The Best U.S. Wine Regions to Visit this Fall

Oct 2, 2019

The US wine market hit a new high in 2018, with more than $70.5 billion in sales on nearly 5 billion bottles. That’s pretty impressive when you consider that, though wine itself dates back millennia, the wine industry barely existed just half a century ago. In recent years, growth has been fueled in no small part by wine tourism. We’re not talking just Napa and the Willamette Valley anymore: Wine’s produced in all fifty states these days, which means the variety of experience you can get  matches the country’s own. Doesn’t hurt that vineyards are often spectacular locations in themselves; nothing goes quite so well with a glass of pinot as a postcard-worthy view. To prove the point, here are five regions, ranging from classic to upstart, worth visiting for homeland-grown wine.

Napa, Northern California

Any breakdown of American wine regions without has to begin with the grandaddy. Napa Valley stormed the international stage in 1976, when wines from California were declared superior to their French counterparts in both white and red categories—in France, by French judges, at the Paris Wine Tasting, henceforth mock-brutally known as the “Judgment of Paris.” It was nothing short of a coup. Soon enough, thirsty hordes were rolling in from San Francisco and beyond, and gold nuggets gave way to grapes in Northern Californian symbology. The region leaned in hard, building out the country’s first world-class wine trail through Napa, Yountville, Oakville, Rutherford, St Helena, and Calistoga along Route 29, the St. Helena Highway.

Five-star hotels and Michelin-starred restaurants soon followed, tending to the well-heeled food-and-wine set. Places like Meadowood, Solage, and Calistoga Ranch redefined the resort game for a new era. Yountville developed a second crop in Michelin stars—and was so successful with them that the town now has more per capita than any other in North America. You’ve heard, no doubt, of Thomas Keller, who’s won more than his fair share at the legendary French Laundry and its dressed-down-but-still-delicious sister Bouchon Bistro; this year you’ll get to meet their new neighbor Perry Lang’s, a fresh take on steak from celebrated pitmaster Adam Perry Lang. “It’s positioned to be a Californian neighborhood steakhouse that is affordable and approachable to locals and visitors, alike,” the chef said on his opening this month. “I’m bringing in the best of beef to the region with my unique approach to dry aging, which mirrors the sensibilities of wine tasting.”

“The Valley” made its name with big, bold cabernet sauvignons—and you can still visit the Stag's Leap Wine Cellars whose red beat those from Bordeaux more than forty years ago. But the region’s branching out. Pinot noir and chardonnay have become more common. One of our favorite spots for the former is Calistoga’s Castello di Amorosa, where the tastings take place in—yep, you guessed it—an actual castle. Cakebread, on the other hand, is known for its whites. Meanwhile, Sterling Vineyards distinguishes itself with not only aerial tram rides to the hilltop winery, but singular syrah once you get there. And because nothing beats a classic, put Cain Vineyard on your list—not just for the spectacular views from the top of Spring Mountain, but for the equally impressive trio of Cab blends they make.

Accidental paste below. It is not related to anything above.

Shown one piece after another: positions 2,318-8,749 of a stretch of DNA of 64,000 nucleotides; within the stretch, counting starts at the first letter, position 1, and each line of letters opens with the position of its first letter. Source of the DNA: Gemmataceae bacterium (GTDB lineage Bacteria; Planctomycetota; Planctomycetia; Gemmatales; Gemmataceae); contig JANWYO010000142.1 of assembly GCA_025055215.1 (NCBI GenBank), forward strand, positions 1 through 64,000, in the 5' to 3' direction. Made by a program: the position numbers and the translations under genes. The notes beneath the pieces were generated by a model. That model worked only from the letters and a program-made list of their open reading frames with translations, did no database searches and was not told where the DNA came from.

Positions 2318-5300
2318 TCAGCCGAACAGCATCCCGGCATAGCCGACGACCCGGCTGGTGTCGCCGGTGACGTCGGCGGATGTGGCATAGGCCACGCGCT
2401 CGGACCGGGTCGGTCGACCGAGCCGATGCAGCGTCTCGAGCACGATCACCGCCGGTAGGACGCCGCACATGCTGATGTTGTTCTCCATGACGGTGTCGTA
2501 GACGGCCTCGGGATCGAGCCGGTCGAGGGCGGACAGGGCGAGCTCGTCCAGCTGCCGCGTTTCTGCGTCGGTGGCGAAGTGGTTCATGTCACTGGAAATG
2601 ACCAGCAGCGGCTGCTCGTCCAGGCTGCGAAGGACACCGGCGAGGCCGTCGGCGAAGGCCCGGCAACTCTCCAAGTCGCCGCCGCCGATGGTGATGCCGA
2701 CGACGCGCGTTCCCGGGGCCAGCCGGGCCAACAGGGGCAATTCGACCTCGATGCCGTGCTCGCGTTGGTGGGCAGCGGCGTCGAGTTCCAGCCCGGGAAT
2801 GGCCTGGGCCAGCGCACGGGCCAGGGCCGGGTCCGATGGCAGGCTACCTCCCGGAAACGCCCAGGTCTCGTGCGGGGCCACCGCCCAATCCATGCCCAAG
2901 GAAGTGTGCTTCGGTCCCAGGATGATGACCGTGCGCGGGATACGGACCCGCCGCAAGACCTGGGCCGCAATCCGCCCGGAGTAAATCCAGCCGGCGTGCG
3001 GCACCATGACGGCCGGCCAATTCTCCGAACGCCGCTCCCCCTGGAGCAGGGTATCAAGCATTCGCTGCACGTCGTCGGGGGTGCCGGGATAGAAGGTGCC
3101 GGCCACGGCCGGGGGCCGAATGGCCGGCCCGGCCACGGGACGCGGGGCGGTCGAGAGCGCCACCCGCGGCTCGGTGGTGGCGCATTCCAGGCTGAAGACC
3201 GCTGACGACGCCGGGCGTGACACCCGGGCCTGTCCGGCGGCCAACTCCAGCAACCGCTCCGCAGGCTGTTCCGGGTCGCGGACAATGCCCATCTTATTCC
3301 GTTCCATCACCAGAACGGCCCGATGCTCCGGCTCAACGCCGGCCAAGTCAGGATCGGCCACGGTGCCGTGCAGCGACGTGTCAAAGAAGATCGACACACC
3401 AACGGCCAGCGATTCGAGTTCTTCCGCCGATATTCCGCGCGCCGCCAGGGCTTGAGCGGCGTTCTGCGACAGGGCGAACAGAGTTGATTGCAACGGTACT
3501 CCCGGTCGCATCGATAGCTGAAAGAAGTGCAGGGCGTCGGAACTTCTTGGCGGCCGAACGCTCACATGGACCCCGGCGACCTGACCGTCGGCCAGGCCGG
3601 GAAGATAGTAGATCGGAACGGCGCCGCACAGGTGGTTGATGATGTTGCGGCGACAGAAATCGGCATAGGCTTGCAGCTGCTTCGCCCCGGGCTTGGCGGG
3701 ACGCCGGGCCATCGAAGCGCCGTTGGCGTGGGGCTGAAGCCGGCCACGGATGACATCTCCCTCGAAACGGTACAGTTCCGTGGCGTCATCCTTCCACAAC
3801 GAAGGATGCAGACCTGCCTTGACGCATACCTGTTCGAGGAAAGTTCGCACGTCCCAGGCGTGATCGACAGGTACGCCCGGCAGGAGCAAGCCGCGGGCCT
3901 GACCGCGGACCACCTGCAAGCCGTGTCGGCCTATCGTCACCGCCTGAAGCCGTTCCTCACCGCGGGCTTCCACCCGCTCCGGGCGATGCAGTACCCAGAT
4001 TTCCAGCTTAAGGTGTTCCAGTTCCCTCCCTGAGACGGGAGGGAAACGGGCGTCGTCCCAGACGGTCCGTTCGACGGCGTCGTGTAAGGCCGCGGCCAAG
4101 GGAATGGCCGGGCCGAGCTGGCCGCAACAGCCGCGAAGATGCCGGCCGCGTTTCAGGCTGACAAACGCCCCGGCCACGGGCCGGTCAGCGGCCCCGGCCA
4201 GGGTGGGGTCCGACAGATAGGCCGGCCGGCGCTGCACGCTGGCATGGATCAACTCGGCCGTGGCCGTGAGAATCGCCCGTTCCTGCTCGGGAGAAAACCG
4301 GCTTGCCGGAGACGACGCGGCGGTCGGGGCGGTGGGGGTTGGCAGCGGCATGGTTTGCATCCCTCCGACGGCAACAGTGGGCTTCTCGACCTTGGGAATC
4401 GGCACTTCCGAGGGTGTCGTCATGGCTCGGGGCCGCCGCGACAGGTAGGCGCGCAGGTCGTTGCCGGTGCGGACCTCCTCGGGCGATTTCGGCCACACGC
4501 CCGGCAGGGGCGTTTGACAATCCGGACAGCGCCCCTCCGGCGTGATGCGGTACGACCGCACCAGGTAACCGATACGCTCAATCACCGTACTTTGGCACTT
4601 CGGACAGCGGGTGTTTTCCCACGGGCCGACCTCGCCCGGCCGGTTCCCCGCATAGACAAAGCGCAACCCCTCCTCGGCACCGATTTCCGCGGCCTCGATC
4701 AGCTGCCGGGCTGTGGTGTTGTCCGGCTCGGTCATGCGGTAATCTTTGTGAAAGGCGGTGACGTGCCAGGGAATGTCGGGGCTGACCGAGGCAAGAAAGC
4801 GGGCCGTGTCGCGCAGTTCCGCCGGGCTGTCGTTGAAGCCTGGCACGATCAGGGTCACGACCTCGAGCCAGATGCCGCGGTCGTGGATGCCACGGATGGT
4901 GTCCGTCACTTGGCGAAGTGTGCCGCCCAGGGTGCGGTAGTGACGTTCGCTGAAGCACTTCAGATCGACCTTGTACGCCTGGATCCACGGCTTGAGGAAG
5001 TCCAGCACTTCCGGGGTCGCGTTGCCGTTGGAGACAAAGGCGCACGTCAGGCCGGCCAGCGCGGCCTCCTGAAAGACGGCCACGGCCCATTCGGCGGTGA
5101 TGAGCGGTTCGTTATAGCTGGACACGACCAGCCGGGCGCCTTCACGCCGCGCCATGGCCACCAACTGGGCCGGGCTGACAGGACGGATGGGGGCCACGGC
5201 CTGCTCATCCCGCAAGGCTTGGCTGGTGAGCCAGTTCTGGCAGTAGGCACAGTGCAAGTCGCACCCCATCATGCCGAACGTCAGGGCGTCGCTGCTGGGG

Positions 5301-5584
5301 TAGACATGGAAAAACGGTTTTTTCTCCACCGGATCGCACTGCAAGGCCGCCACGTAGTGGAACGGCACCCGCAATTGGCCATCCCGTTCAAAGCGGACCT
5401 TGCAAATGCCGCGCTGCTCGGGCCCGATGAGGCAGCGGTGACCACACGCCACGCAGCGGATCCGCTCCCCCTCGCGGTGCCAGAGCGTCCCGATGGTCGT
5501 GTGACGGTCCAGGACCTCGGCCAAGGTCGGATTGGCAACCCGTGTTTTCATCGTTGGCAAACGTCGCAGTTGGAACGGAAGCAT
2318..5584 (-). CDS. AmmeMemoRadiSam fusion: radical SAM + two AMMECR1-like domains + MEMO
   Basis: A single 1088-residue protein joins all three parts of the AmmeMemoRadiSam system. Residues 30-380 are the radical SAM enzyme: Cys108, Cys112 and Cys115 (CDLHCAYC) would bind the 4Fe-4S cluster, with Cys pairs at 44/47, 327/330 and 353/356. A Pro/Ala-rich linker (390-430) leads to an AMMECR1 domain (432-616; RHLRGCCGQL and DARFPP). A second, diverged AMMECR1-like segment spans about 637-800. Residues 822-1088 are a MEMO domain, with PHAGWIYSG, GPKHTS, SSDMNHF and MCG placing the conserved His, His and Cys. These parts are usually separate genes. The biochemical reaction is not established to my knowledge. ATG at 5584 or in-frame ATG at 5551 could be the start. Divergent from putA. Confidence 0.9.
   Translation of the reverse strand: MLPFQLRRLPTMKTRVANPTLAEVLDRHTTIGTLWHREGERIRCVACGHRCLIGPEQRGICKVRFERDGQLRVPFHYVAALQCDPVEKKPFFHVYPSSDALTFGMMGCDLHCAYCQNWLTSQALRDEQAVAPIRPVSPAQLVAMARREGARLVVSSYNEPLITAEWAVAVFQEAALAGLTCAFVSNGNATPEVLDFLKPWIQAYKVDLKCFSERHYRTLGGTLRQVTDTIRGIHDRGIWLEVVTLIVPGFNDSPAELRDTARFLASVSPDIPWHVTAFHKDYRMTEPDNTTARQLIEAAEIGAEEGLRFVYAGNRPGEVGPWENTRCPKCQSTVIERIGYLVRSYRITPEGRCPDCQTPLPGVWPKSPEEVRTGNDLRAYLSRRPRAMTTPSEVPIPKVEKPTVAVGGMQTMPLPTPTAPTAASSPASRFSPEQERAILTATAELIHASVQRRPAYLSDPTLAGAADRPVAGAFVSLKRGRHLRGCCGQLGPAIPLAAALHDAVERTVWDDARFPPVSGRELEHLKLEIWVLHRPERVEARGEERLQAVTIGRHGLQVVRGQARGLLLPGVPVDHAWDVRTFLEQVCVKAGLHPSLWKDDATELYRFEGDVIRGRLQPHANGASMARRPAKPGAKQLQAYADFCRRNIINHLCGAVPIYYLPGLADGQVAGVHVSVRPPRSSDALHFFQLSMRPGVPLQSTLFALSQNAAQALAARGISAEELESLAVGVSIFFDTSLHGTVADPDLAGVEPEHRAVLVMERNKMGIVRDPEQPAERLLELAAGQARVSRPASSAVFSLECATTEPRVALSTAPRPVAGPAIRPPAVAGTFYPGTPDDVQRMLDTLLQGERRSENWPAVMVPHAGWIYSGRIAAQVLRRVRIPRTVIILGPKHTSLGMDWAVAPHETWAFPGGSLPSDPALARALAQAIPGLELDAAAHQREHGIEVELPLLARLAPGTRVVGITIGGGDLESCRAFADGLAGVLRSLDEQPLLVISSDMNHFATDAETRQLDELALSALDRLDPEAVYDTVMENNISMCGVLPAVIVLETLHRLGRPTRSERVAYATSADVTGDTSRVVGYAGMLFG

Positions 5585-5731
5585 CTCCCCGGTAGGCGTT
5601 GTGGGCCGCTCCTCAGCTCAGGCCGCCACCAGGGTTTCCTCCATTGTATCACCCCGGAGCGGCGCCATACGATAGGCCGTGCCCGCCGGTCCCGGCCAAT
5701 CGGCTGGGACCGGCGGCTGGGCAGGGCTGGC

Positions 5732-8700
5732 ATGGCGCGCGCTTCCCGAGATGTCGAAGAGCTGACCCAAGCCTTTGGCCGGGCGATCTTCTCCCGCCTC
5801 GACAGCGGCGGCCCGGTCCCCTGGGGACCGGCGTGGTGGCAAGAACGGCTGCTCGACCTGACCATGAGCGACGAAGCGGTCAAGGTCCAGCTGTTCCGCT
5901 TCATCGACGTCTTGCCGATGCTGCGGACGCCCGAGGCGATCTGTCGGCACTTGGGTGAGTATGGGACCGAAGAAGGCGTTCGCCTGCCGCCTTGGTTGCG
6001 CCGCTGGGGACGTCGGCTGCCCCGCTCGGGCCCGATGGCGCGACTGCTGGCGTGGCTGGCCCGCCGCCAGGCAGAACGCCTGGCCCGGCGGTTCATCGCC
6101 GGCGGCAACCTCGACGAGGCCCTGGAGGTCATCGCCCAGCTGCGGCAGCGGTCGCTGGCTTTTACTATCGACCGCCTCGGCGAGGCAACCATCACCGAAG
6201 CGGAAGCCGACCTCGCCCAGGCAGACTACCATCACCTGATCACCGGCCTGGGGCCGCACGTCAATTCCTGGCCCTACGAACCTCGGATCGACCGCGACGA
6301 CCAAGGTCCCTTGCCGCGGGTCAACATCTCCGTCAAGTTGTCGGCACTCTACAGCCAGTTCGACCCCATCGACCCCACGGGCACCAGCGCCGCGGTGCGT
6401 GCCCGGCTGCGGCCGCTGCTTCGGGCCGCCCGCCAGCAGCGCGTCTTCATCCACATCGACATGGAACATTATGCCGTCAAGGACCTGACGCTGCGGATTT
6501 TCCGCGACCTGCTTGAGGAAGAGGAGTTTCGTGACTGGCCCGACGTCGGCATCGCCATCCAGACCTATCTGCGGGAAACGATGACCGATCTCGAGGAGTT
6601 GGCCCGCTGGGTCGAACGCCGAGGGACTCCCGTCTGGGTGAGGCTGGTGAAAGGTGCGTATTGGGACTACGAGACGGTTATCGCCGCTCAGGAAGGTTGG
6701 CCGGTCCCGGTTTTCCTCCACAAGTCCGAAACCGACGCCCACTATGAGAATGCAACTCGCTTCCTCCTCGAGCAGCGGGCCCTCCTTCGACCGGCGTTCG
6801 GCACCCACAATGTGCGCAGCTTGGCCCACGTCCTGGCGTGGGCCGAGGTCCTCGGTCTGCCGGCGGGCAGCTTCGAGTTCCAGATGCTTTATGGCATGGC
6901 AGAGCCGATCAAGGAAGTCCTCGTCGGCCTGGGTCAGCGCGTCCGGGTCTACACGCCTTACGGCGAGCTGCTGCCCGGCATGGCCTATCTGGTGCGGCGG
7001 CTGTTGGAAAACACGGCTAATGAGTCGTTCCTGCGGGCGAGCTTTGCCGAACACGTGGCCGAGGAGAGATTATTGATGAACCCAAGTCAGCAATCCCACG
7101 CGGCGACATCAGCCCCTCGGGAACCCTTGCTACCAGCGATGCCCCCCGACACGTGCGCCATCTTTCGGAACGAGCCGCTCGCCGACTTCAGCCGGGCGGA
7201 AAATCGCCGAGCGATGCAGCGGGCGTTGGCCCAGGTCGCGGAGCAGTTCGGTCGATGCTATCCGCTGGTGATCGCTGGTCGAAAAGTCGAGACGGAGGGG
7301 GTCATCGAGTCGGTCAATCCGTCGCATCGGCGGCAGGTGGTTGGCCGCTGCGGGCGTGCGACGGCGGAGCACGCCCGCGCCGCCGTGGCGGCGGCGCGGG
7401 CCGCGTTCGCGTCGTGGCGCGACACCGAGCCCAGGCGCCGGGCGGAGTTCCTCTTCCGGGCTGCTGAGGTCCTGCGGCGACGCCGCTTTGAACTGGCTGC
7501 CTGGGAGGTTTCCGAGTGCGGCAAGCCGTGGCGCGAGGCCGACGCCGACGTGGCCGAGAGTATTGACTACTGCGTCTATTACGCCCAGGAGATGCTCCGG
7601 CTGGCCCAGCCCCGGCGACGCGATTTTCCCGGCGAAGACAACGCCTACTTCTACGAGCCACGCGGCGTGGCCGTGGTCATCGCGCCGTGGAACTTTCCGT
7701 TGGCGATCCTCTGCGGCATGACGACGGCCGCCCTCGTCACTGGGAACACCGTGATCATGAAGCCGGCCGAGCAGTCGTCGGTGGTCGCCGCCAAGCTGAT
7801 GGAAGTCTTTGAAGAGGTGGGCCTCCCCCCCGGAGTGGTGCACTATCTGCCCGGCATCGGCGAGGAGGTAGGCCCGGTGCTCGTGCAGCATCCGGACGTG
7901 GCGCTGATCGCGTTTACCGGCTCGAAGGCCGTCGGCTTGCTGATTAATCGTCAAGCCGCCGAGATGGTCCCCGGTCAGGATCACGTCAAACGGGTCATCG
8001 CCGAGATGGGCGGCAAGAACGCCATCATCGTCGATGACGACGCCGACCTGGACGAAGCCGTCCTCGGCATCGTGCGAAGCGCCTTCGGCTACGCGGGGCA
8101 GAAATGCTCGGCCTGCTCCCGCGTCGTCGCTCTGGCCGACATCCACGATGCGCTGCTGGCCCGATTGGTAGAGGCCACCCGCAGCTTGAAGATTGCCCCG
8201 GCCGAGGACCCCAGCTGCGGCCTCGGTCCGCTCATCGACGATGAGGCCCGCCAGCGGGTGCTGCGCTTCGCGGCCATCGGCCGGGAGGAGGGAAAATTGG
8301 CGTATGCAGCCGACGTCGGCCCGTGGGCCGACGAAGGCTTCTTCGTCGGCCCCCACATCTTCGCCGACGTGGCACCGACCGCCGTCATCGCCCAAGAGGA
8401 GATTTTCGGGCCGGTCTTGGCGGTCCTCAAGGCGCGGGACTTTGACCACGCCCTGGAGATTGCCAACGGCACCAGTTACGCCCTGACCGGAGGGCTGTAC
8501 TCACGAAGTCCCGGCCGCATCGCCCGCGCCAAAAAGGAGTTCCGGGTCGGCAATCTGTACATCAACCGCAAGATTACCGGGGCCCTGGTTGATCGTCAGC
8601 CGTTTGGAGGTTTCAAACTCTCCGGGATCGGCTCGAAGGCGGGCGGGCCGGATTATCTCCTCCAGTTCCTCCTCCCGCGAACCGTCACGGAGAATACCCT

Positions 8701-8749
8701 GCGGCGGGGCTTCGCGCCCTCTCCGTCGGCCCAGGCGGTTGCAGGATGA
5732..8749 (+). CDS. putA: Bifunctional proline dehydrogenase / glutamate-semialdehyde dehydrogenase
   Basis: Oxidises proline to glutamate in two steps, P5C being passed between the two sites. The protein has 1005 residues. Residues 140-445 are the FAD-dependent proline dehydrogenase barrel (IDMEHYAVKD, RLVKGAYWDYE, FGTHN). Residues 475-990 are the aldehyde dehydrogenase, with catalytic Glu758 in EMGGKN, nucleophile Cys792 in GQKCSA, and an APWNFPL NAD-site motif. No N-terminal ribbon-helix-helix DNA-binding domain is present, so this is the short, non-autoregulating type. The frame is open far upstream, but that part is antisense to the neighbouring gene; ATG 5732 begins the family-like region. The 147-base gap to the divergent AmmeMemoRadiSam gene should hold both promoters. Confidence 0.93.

Virginia Wine Country

Winemaking in Virginia dates back to the 1600s (Jefferson was a dabbler), but it failed to take off for most of our history; as recently as 1979, the state had only six wineries. Now, just thirty years later, Virginia's home to 312. There’s scarcely a corner of the state where you can’t find something respectable, and often far better than that.

But for concentration of quality, variety, and ease of access, Central Virginia is hard to beat. Charlottesville makes a great home base; we like the Oakhurst Inn, near UVA and, more important, within an afternoon’s drive of at least half a dozen star producers. Start by heading south through horse country along the James Monroe Parkway, where your designated driver can pull over for tastings at Jefferson Vineyards, Gabriele Rausse Winery, and Blenheim—each spectacular in its own right. Then venture north along (the other) highway 29 to visit Early Mountain Vineyards, where winemaker Ben Jordan is crafting an award-winning version of cabernet franc, one of the varietals the state’s become known for. The other, of course, is viognier: fruity, crisp, and vibrant, a white that can handle the heartier proteins favored locally. Get to know it through the outstanding 2016 Wild Boar Cellars from Stone Tower Winery in Leesburg—a little out of your way, but worth the detour. Just make sure to time your return so as to catch the tasting menu at Fleurie, where you‘ll get a thoughtful French spin on Virginia’s abundant local ingredients, which are every bit as impressive as the wines.


Walla Walla, Washington

Hidden in the rural southeastern corner of Washington state—a good five hours from the better-known Oregon wine country—Walla Walla has slowly transformed from a farm town into a genuine wine destination, with more than 40 tasting rooms to service the 30,000 locals and their rapidly multiplying visitors. And there’ll be many more to come, if last month’s Wine Enthusiast nomination for “Wine Region of the Year” has the expected effect.